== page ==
I don't care what people think... (no… actually I do)

Lately I have been combing my memories looking back at my childhood for instances that gave me cause to start putting on the armour that I wear. I saw a new therapist for the first time on Saturday, and Cheryl listened patiently to me ramble on, with no clarity of why I was really there, other than a sense that I need some help navigating the quagmire that I currently find myself in. It reminds me a lot of the scene in Lord of the Rings where Bilbo and Sam are trying to make their way through the swamp of the dead, and Gollum keeps telling them not to look down, and hurry up so they don't end up there forever. Right now, it kind of feels like my journey is stuck in that swamp, caught between what I am discovering, and the destination (at this point unknown).

For a long time, probaby as long as I can remember, I have been very insecure. I was an awkward kid, with Howdy Doody orange hair (adults commented and kids teased) glasses, and a head that hadn't grown big enough to fit my ears. I remember getting called "goggles piizano", "big ears", "carrot top" all of which seem pretty trivial to me now, but back then it was anything but. My therapist told me that children develop their sense of who they are between the ages of three and twelve, and I definitely would have internalized that I wasn't cool, wasn't good enough, wasn't a lot of things during those formative years. She also said that those years are when kids start to self protect, and I definitely did those things, namely started putting on the armour and the persona built around the act of "I don't care what anyone thinks".

My indifference was almost universal. While I knew I was smart, I also quickly came to an understanding that being too smart only invited ridicule from my peers as well, so I stopped trying, and started to coast, an unfortunate habit that has dogged me my entire life. Unless of course, someone could inspire me, and then I would go all in. I had a teacher in Grade Six, Mr. Norton, who found a way to inspire me, and frankly our whole class. He made us feel so smart, he told us we were smart, he tapped into something that made me want to try, to give it my all. I remember him teaching us about base 5 math - he told us that it was the math he was teaching to his university students. It was the only year during my primary eduction that I got honours. After Grade Six I went back to not caring. That pattern of not caring took me through eleven years of univsity culminating with a degree in Law. Sounds strange now, but looking back I see how much more I could have gleaned from my many years of attending school, if I had just allowed myself to care about the process a bit more.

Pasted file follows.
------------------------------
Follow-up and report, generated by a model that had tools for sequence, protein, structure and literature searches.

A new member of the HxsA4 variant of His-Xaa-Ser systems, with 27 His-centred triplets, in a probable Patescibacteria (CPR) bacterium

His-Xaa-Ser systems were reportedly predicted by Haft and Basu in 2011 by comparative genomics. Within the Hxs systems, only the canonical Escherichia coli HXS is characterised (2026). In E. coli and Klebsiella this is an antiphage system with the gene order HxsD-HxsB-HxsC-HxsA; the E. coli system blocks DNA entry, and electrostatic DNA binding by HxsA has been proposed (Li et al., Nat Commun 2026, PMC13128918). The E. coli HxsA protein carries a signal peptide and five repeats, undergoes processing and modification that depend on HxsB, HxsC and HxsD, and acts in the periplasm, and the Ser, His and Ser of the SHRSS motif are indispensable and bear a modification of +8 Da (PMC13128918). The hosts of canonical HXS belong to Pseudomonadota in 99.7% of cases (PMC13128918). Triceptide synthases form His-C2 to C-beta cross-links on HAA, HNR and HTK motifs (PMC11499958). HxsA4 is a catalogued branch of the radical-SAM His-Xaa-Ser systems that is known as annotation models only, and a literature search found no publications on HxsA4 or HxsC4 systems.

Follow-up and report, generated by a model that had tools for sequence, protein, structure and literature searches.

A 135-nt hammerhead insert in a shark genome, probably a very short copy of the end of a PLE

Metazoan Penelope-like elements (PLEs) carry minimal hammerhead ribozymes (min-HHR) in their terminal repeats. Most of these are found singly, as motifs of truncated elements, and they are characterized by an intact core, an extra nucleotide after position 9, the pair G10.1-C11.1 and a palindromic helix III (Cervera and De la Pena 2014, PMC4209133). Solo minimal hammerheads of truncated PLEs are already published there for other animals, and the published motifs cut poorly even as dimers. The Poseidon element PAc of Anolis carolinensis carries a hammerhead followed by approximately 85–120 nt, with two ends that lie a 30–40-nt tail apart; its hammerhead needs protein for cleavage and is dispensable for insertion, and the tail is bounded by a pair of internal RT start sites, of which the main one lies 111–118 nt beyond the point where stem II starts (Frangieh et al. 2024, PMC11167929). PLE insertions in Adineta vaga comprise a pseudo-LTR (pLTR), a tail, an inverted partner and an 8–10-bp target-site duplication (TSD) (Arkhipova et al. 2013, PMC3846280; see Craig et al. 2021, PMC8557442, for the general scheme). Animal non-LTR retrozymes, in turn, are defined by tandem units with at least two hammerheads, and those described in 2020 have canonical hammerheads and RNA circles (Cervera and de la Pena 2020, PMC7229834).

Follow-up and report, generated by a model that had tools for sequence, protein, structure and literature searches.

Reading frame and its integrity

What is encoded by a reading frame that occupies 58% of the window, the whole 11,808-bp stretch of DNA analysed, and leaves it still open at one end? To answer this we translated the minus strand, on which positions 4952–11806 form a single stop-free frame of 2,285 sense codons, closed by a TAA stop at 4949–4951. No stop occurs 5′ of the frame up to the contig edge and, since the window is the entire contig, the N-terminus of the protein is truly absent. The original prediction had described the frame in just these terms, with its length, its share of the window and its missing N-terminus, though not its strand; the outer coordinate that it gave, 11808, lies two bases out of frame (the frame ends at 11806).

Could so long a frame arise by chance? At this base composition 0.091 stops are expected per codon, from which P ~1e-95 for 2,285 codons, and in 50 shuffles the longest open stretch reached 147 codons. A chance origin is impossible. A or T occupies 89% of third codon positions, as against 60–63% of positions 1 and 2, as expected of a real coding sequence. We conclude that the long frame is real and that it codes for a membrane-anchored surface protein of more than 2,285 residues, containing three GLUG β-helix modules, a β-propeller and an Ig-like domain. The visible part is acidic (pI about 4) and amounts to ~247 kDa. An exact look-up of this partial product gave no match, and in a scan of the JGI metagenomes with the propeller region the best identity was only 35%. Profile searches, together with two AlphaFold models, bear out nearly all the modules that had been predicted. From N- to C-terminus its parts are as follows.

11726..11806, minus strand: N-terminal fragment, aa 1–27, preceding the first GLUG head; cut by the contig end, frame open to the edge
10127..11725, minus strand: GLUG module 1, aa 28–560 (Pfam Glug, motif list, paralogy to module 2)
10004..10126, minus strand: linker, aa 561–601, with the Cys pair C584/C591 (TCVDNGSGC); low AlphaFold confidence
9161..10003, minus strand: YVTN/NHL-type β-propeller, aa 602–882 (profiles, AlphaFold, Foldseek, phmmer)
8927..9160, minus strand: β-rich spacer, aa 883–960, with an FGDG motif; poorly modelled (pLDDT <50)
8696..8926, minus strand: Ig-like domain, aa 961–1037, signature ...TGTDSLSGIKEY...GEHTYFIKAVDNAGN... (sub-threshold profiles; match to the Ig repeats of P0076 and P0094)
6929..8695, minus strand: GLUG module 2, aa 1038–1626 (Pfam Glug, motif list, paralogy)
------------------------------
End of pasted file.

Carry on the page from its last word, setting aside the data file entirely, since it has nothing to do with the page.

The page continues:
Not caring was a great coat of armour, thick and strong enough to protect me from the hurt of rejection. Not fitting in was a pretty common theme of my life, and yet that is all I wanted to do. I tried so hard (too hard) and as a result came off desparate most of the time, which isn't a very endearing quality. I was always too intense, too talkative, too verbal. Even the seed of becoming a lawyer was planted early on, as I was always talking and arguing, and being told I would make a good lawyer when I grew up.